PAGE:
Monday

17th Jun 2019

Better defence spending needed to back up EU 'principles'

  • The EU spends its defence money too inefficiently, says the EU commission (Photo: SHAPE)

Europe needs to make better use of dwindling defence budgets if it is to properly take care of military problems in its own backyard as the US orients itself towards Asia, the EU commission said Wednesday.

In an ideas paper meant to feed into an EU leaders defence summit in December, the commission noted that Washington is "rebalancing its strategic focus towards Asia" while the recent Libya war highlighted European military "shortfalls."

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"We will not have the weight we need in the world without a common defence policy. To support it, we need to strengthen our defence and security sector," said EU commission president Jose Manuel Barroso.

"We need to be able to back up our positions of principle with security and civilian missions that can help stabilize the situation in crisis areas around the world," he added.

EU states between them have about 1.6 million soldiers and spend €194 billion annually on defence - but this strength is diluted by overlapping capacities and spending at a national level.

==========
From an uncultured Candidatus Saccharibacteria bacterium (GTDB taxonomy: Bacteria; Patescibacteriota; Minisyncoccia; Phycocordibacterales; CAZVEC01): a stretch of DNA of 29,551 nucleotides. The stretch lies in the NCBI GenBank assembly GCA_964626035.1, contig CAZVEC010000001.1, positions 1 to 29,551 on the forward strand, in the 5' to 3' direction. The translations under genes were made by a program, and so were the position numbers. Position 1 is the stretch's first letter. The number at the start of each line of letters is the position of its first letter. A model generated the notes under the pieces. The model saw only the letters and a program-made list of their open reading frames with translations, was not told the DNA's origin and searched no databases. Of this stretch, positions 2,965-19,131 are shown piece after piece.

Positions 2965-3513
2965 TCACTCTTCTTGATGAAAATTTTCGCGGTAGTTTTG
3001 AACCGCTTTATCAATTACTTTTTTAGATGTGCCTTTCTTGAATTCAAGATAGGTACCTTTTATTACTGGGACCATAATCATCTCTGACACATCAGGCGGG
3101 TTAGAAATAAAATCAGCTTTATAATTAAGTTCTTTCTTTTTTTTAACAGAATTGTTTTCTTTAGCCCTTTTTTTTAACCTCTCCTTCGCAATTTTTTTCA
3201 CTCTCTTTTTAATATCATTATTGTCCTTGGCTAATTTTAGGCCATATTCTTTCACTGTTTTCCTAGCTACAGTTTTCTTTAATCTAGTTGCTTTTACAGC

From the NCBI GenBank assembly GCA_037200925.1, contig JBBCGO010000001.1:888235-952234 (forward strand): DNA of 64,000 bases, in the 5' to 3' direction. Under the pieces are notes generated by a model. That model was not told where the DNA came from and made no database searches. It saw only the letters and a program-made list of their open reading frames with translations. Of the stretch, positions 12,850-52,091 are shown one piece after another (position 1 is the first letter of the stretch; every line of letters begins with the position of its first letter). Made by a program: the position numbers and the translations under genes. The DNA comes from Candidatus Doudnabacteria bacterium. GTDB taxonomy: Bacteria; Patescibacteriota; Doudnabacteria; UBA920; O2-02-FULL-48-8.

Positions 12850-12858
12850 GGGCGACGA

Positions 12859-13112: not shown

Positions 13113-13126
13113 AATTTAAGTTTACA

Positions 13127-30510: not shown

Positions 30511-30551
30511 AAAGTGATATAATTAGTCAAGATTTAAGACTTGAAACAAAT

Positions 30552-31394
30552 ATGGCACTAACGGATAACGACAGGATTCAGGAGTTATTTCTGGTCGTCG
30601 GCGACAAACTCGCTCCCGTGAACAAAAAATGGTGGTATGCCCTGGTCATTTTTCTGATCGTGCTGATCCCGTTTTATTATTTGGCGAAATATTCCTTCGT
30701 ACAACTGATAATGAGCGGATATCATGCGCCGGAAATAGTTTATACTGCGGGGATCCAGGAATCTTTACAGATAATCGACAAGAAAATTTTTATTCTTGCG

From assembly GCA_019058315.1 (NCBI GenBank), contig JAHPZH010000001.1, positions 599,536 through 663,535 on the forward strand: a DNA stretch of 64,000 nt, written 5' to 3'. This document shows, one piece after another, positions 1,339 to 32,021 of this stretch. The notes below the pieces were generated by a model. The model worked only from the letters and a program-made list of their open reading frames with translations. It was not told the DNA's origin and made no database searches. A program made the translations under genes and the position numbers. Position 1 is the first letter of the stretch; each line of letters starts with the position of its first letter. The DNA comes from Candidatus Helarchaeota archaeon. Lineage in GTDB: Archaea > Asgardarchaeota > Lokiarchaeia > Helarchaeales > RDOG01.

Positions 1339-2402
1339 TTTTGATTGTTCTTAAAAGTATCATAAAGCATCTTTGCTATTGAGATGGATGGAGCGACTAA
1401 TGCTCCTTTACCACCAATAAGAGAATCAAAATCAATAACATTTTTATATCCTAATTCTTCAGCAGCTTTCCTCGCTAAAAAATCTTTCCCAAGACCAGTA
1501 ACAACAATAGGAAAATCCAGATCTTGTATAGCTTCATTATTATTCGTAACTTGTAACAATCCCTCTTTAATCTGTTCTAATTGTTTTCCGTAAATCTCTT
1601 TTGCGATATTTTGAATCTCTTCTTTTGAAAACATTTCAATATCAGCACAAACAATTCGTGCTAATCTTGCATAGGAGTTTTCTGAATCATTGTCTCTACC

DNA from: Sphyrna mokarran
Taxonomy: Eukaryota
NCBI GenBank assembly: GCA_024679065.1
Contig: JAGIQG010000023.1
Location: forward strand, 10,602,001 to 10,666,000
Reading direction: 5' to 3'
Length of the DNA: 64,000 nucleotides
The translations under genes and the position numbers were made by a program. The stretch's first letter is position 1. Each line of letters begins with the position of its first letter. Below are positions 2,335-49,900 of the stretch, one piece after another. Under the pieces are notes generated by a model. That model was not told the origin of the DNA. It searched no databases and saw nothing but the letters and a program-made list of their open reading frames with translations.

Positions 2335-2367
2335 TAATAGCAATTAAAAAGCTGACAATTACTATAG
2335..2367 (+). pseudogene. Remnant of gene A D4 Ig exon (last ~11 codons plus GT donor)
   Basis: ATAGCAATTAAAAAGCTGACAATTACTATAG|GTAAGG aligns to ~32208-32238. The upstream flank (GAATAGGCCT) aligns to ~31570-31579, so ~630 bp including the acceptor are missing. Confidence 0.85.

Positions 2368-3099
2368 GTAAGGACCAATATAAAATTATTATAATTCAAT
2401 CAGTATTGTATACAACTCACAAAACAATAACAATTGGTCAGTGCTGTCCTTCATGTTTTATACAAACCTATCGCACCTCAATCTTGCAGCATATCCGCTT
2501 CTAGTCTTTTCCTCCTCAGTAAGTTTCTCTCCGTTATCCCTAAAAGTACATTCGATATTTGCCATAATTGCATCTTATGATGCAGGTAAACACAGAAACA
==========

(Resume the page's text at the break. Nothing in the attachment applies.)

Spending is down from €251 billion in 2001, while defence R&D spending declined by 14 percent between 2005 and 2010, to €9bn.

The commission points out that the US spends seven times more on research and development than all 28 member states put together.

Russia and China, for their part, are expected to double their defence spending by 2015 when compared to 2011.

"We want to support the defence industry for economic reasons but also for defence reasons," said industry commissioner Antonio Tajani.

But the commission is almost entirely bound by member states political will in this area, with governments often reluctant to share defence technology or pool resources.

This is exacerbated by a reluctance to let the EU commission muscle in on an area where it has no legal powers.

Meanwhile the EU only has a few serious military powers - predominantly the UK and France - while most of its states also have commitments to Nato. On top of this, some countries, such as Ireland, are neutral.

Much of the commission paper's suggestions reflect this complexity.

They focus on ensuring that defence-related legislation is being properly implemented, that member states are not abusing state aid rules to benefit national defence industries and that defence companies will have better access to EU funding.

A key proposal, says the commission, is standardisation. Its paper notes that most standards are civilian but when military standards are required, "they are developed nationally, hindering co-operation and increasing costs for the industry." Lack of common standarisation means armies cannot easily share equipment.

The commission also says it plans to make armies more energy efficient.

"I don't think this (proposal) is modest. It demonstrates a real will to progress," said Michel Barnier, internal market commissioner, reacting to suggestions that the paper amounts to little more than a repetition of what the commission has been asking of member states in defence for several years.

The paper is due to be discussed by EU leaders at their traditional December summit. The commission will then make a roadmap with "concrete actions and timelines."

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